At last our shift was over. As we went up, the Russians said I was a good worker. As soon as we came out into the cold, my wet clothes turned into ice. I was dead tired and my back hurt; I had bumped it several times trying to stand up in the mine. I was filthy and frozen. On the walk back to camp my feet became warm, and I tried to concentrate on them and forget the rest of my body. That night I made up my mind to escape as soon as I could.

About a week after that, two men did escape. Their names were Ion Steinger and Stephan Pivas. There was a lot of confusion. Three days later, when we got back from the night shift, we were told to wait in front of the barracks. The other prisoners were herded outside. An interpreter hollered, "You will see an example of what will happen to anyone who tries to escape."

It was just getting light. The commandant came out; he stood about fifty feet away from me while they dragged the prisoner out of the guard shack. He looked as if he'd been badly beaten. The other man had been killed when they were captured. The comma ndant told the prisoner to kneel down. Then he pulled out his pistol and shot him in the neck. The man fell over, and his legs kicked a couple of times.

I froze. It was so sudden. But perhaps he was lucky; no more cold, misery, hunger. I wondered vag uely: If I jump the commandant, will he shoot me immediately, or will he torture me first? The mere thought of torture sent shivers through me. On second thought I wanted very much to live, and get out of there. If I wanted to escape, it would have to be very carefully planned, and then carried out with absolute determination.

On the way back into the barracks a lot of the prisoners started crying and praying for the executed man's soul. A lot of good it did him...The Russians obviously meant business, and that was that. I slept badly. Every detail of the scene went through my mind a hundred times. But during the next few days, as I considered the episode more calmly, I decided that the two fellows had been very naive and inept. One had to be mad to try to escape in the winter, and without any knowledge of Russian. They had been nineteen and twenty-three years old. Result: two deaths. I made a mental note to learn Russian as fast as I could. Spring was only one or two months away, and summer would soon follow. Late in the summer I knew I could sleep in the fields...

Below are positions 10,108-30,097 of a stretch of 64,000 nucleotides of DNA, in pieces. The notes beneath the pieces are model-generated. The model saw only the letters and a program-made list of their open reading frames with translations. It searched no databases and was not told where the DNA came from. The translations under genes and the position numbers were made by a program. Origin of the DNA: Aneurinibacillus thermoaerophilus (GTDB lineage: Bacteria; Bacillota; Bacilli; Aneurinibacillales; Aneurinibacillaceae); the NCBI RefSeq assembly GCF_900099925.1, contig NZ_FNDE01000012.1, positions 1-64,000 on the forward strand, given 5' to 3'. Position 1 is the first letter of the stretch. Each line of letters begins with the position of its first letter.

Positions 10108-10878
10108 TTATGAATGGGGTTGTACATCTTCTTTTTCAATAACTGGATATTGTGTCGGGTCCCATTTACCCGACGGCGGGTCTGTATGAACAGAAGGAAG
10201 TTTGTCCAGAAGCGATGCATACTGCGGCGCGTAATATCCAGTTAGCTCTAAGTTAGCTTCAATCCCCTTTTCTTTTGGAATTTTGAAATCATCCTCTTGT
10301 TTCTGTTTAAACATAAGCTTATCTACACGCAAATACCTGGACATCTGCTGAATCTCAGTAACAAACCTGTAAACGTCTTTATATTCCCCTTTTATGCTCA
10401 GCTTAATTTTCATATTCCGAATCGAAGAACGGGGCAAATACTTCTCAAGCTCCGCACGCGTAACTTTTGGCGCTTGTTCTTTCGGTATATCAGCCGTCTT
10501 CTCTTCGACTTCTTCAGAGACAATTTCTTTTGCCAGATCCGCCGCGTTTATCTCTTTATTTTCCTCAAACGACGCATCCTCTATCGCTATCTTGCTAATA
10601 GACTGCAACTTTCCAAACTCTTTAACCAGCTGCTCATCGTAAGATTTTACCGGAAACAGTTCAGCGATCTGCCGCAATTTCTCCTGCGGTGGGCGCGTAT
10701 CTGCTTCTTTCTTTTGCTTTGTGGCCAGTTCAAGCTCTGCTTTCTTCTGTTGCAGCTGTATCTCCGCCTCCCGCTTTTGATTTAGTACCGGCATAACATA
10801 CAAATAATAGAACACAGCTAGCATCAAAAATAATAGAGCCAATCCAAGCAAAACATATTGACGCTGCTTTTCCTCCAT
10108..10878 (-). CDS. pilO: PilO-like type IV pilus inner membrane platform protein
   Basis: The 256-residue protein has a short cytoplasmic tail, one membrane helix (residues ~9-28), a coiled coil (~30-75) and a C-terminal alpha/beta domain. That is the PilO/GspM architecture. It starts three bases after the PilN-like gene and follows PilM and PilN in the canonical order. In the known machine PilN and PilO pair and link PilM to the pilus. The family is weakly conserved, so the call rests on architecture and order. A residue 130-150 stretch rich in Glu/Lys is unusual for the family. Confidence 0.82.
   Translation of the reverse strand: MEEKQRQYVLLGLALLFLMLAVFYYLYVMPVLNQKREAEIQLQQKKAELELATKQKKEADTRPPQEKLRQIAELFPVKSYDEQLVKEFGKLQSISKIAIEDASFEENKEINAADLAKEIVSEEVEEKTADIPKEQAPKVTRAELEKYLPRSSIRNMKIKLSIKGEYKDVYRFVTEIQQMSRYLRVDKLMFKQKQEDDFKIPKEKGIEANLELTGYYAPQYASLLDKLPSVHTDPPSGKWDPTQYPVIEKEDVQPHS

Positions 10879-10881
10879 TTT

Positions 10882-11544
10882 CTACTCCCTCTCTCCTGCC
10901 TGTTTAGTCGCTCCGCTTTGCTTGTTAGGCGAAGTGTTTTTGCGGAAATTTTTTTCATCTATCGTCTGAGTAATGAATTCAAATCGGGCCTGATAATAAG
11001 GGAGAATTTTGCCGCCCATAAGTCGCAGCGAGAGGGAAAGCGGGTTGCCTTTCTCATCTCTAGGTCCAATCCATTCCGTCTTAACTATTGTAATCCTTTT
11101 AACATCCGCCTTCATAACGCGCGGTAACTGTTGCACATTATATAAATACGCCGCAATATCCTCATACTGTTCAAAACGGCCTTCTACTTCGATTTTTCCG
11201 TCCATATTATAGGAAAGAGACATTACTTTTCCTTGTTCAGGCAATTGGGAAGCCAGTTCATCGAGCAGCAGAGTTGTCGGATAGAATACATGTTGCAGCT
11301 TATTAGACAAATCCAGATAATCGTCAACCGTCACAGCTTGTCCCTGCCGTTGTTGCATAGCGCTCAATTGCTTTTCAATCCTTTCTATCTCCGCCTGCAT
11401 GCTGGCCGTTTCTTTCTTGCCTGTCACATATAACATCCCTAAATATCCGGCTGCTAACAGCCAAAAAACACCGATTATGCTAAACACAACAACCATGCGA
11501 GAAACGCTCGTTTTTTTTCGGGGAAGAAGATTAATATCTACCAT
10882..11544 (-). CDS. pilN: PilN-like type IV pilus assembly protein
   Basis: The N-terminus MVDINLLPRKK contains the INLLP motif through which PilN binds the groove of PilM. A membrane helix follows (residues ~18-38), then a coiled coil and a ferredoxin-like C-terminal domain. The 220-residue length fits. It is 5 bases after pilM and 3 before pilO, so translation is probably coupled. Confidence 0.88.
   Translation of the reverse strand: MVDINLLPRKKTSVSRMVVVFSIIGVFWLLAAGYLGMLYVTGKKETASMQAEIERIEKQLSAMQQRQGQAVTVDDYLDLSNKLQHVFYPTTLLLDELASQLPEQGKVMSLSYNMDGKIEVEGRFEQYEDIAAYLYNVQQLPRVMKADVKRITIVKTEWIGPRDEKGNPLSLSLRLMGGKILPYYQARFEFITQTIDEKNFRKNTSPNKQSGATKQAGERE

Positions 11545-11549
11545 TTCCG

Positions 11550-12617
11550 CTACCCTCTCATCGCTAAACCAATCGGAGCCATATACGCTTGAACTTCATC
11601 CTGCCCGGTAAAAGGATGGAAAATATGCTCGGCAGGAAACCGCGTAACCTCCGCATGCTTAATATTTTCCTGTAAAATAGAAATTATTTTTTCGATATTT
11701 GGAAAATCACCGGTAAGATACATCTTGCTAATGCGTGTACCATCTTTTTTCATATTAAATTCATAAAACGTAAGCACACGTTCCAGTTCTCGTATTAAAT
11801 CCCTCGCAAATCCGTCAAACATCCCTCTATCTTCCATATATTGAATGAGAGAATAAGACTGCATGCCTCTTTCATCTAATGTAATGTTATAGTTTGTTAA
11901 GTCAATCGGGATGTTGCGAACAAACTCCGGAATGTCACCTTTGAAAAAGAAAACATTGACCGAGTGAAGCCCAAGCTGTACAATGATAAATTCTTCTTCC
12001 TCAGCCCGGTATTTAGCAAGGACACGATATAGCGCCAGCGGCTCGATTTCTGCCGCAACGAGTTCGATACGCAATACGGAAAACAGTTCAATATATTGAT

Ion, Stephan, and I were planning the escape. I was confused. We planned it on the way home from the mine. Inside the camp we got our bread rations, volunteered for water detail, and just kept on going. Night fell. We walked through the night and decided that during the day we would lie low. We lay down in a young, green cornfield, but there was a foot of snow on the ground. I couldn't understand it. Peering out from behind the green stalks, I saw three guards walking toward the field, their rifles in their arms and a dog trotting behind them. Instead of doing something, I just lay down quietly and wonder why it was so cold and snowy on the ground when we were lying between green cornstalks. Then the guards' voices became louder and closer. I closed my eyes and thought about dying. I heard a click, and when I opened my eyes a rifle was pointing straight at my head from about two feet away. Stephan also had a rifle pointing at him. Behind the rifles were two savage, growling faces. I knew that Ion was already dead. Stephan tried to reach for the rifle and the growling of the guards grew louder and louder and...boom! Stephan's forehead had a round hole in it; blood oozed out of it over his eyes. They were still open, looking at me. The guards turned to me, raised their rifles...

I was in the cold, dark barracks.